Saturday, 18 February 2017

Book Review: Kings of Georgian Britain by Catherine Curzon

Title: Kings of Georgian Britain
Author: Catherine Curzon
Publisher: Pen and Sword Books
Publication Date: 31 March 2017
Pages: 256
Format: eBook - PDF
Genre: Non-Fiction/History
Source: ARC via NetGalley

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For over a century of turmoil, upheaval and scandal, Great Britain was a Georgian land. From the day the German-speaking George I stepped off the boat from Hanover, to the night that George IV, bloated and diseased, breathed his last at Windsor, the four kings had presided over a changing nation.
Kings Georgian Britain offers a fresh perspective on the lives of the four Georges and the events that shaped their characters and reigns. From love affairs to family feuds, political wrangling and beyond, it is a chance to peer behind the pomp and follow these iconic figures from cradle to grave. As their very different lives will show, being a king isn't always about grand parties and jaw-dropping jewels, and sometimes following in a father's footsteps can be the hardest job around.
Take a step back in time and meet the wives, mistresses, friends and foes of these remarkable kings who shaped the nation, and find out what really went on behind closed palace doors. Whether dodging assassins, marrying for money, digging up their ancestors or sparking domestic disputes that echoed down the generations, the Georgian kings of Great Britain were never short on drama. (Goodreads Synopsis)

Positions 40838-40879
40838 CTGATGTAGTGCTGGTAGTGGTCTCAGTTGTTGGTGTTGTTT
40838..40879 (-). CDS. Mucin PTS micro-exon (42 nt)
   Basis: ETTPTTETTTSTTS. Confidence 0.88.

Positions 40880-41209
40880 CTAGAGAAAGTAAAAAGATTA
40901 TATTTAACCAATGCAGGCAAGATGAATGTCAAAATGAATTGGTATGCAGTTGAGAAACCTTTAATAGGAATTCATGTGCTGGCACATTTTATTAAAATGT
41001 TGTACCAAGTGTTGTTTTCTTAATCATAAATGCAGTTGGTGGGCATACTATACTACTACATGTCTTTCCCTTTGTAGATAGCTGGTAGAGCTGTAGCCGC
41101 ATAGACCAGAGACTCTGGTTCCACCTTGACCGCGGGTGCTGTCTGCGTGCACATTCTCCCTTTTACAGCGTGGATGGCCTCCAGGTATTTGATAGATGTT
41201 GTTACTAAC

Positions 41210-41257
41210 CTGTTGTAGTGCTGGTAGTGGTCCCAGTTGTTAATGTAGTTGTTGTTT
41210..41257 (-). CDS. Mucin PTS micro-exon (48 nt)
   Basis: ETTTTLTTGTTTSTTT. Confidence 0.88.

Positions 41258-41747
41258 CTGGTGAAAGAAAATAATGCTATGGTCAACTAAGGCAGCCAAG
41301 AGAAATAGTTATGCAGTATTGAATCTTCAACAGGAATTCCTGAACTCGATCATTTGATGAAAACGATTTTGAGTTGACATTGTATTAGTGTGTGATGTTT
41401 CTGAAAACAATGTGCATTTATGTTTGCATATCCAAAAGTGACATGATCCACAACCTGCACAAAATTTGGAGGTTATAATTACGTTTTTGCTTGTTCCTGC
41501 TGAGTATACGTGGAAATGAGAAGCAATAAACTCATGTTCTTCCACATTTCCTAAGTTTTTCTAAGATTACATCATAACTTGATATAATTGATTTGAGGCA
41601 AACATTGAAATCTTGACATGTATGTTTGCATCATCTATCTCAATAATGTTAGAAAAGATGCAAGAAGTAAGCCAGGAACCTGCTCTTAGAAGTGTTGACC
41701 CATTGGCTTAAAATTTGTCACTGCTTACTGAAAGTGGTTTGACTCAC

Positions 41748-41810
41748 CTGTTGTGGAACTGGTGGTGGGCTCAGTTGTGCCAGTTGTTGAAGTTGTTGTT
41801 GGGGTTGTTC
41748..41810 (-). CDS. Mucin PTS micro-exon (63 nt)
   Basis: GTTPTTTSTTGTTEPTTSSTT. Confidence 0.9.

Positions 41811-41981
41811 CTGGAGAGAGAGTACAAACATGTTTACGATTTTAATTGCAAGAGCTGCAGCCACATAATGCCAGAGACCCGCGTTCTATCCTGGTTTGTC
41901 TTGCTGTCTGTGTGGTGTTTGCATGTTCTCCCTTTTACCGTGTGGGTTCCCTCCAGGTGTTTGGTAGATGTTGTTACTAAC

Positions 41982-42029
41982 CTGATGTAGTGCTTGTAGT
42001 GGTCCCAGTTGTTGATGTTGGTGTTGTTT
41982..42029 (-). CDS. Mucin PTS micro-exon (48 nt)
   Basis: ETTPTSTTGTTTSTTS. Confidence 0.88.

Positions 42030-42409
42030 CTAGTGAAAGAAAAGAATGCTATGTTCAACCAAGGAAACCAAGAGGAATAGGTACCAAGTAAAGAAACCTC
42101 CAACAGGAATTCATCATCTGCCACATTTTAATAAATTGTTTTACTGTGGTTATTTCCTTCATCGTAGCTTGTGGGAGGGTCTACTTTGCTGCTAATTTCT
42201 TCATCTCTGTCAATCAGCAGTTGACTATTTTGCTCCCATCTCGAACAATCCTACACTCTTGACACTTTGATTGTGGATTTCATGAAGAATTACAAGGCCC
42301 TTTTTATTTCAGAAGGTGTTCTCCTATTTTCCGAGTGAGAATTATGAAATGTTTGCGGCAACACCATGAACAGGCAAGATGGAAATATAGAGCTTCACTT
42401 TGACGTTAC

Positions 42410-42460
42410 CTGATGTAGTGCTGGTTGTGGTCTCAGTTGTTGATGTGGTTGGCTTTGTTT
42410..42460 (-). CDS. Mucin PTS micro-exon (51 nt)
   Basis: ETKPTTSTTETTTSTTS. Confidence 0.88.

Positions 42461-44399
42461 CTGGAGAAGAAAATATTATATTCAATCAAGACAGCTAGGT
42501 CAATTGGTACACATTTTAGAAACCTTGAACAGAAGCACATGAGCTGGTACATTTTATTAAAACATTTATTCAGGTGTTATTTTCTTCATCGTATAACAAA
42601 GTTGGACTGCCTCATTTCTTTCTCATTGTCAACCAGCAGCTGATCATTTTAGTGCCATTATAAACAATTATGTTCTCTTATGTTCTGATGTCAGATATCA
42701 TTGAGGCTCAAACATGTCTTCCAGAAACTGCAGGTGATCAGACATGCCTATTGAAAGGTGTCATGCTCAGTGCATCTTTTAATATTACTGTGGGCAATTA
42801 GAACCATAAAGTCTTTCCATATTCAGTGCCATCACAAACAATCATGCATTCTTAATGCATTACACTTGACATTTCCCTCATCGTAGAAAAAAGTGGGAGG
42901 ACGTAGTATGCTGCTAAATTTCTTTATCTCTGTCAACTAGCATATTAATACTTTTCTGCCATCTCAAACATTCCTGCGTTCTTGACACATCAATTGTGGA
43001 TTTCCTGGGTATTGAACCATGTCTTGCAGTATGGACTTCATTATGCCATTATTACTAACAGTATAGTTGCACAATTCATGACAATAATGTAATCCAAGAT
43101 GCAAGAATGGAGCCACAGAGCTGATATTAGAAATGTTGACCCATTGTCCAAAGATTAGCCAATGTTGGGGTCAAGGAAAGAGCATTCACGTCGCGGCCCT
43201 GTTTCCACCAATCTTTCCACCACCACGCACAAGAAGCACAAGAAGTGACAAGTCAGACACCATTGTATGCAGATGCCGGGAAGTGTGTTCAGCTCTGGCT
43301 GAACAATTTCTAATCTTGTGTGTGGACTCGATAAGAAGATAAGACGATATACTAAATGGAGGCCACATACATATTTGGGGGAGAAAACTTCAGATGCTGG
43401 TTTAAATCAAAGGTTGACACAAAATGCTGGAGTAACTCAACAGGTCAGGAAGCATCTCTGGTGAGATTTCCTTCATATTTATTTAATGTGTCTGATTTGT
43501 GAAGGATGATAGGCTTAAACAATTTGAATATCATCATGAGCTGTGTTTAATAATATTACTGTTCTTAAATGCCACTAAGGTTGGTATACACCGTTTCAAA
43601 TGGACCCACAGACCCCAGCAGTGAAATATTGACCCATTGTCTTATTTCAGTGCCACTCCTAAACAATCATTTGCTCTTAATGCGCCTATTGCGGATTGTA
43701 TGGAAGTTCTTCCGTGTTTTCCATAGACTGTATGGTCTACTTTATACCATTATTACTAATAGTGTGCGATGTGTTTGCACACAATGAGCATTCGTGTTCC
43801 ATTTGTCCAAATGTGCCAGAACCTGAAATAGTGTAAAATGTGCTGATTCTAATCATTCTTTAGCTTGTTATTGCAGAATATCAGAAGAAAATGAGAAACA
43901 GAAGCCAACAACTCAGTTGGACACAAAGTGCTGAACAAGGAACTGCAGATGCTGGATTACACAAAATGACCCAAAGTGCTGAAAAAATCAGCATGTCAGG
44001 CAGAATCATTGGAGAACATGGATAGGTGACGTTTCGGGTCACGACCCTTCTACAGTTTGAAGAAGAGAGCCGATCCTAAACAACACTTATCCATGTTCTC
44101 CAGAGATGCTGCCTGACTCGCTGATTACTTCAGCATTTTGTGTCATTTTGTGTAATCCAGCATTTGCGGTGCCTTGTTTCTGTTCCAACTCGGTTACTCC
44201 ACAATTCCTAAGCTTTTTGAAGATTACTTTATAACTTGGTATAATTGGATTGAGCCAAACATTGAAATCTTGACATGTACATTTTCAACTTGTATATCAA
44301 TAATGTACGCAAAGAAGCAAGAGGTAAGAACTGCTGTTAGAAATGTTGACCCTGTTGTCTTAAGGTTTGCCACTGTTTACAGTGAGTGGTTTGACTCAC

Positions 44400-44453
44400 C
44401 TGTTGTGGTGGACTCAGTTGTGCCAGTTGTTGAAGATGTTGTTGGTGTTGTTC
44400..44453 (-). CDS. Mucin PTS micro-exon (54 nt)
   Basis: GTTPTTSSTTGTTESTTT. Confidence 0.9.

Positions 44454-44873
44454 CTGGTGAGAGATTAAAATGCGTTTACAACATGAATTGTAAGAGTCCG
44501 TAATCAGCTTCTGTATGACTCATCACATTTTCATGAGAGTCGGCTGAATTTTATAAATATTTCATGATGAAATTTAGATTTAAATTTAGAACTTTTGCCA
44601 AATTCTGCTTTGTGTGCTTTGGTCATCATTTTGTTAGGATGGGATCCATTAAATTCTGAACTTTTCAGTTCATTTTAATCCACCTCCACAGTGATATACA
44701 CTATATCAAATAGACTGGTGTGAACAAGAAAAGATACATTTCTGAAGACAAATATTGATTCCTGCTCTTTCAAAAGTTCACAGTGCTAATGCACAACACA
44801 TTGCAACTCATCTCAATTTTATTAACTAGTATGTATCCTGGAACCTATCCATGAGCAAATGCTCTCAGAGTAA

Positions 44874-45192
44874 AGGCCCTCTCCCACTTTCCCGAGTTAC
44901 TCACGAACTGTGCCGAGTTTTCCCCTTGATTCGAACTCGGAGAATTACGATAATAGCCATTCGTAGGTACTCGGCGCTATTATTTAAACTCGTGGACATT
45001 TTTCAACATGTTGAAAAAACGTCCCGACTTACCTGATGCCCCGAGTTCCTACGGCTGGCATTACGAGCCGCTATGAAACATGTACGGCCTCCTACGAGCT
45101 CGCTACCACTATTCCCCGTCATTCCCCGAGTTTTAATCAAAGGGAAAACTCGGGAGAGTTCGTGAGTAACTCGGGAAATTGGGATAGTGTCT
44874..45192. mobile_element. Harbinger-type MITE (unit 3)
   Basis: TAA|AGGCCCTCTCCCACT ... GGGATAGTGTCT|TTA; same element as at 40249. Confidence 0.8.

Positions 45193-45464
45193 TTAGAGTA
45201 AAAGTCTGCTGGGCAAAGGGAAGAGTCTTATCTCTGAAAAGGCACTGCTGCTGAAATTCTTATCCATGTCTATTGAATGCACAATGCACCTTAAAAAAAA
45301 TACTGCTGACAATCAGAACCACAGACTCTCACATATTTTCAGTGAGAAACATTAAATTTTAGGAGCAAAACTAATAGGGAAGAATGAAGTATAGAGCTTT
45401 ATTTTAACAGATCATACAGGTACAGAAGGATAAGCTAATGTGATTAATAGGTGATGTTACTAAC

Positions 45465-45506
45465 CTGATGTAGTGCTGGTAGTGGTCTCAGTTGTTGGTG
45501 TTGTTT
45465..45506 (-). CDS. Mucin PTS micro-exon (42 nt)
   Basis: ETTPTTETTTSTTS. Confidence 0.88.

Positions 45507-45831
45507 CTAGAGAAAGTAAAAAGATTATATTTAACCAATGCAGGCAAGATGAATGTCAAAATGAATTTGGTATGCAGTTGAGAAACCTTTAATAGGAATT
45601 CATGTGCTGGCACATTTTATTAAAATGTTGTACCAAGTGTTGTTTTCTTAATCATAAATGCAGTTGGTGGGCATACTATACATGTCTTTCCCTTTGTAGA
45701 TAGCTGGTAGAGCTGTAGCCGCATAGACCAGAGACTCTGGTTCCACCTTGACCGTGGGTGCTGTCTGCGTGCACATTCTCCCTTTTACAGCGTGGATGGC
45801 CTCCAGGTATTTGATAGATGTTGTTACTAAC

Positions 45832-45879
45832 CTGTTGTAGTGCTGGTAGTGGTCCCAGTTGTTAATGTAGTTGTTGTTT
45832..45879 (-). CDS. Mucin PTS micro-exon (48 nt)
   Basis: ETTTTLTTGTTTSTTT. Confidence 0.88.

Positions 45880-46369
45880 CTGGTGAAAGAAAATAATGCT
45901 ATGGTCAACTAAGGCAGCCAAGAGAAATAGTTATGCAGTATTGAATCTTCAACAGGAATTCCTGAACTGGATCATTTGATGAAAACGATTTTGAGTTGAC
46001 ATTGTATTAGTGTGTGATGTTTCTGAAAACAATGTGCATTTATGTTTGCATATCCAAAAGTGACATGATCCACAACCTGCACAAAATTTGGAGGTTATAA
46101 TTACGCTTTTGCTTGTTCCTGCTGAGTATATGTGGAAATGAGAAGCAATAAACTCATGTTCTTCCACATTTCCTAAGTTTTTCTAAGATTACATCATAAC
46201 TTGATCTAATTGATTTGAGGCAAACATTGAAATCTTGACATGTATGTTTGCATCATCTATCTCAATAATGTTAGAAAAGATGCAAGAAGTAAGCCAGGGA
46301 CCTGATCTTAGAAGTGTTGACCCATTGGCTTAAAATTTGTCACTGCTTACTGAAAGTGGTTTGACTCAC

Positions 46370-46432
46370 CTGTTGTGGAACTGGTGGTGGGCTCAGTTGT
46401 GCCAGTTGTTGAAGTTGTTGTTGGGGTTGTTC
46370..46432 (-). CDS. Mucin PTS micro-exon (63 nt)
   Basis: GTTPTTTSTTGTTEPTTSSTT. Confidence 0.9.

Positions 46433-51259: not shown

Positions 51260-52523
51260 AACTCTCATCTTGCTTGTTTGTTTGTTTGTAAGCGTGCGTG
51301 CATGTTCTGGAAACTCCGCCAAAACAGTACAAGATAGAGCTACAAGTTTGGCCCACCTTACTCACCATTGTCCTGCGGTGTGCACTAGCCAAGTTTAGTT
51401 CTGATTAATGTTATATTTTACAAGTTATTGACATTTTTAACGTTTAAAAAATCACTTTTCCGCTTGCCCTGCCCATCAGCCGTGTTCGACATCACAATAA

I would describe Kings of Georgian England as an introductory text. In the small page count, there is only a limited amount of space in which Curzon can describe each of the four kings' personalities and reigns, but she manages to include some fun facts and enticing details, all written in a readable, straightforward prose that never feels too stodgy. For me, this is a great book to turn to if you are relatively unfamiliar with the period and looking for a quick overview. This work won't tell you everything, but it provides a good place to start and includes an extensive bibliography for further reading. The Georgian era is one I love, so most of the information in Kings of Georgian England was familiar to me. However, there were a few little side stories I'd not come across before, and the book certainly reigniting my enthusiasm for further reading about the period. If you are a scholar of the 18th century, this book may not have much to offer. Nonetheless, I am awarding it four stars because it is perfect for the novice historian coming to era for the first time.

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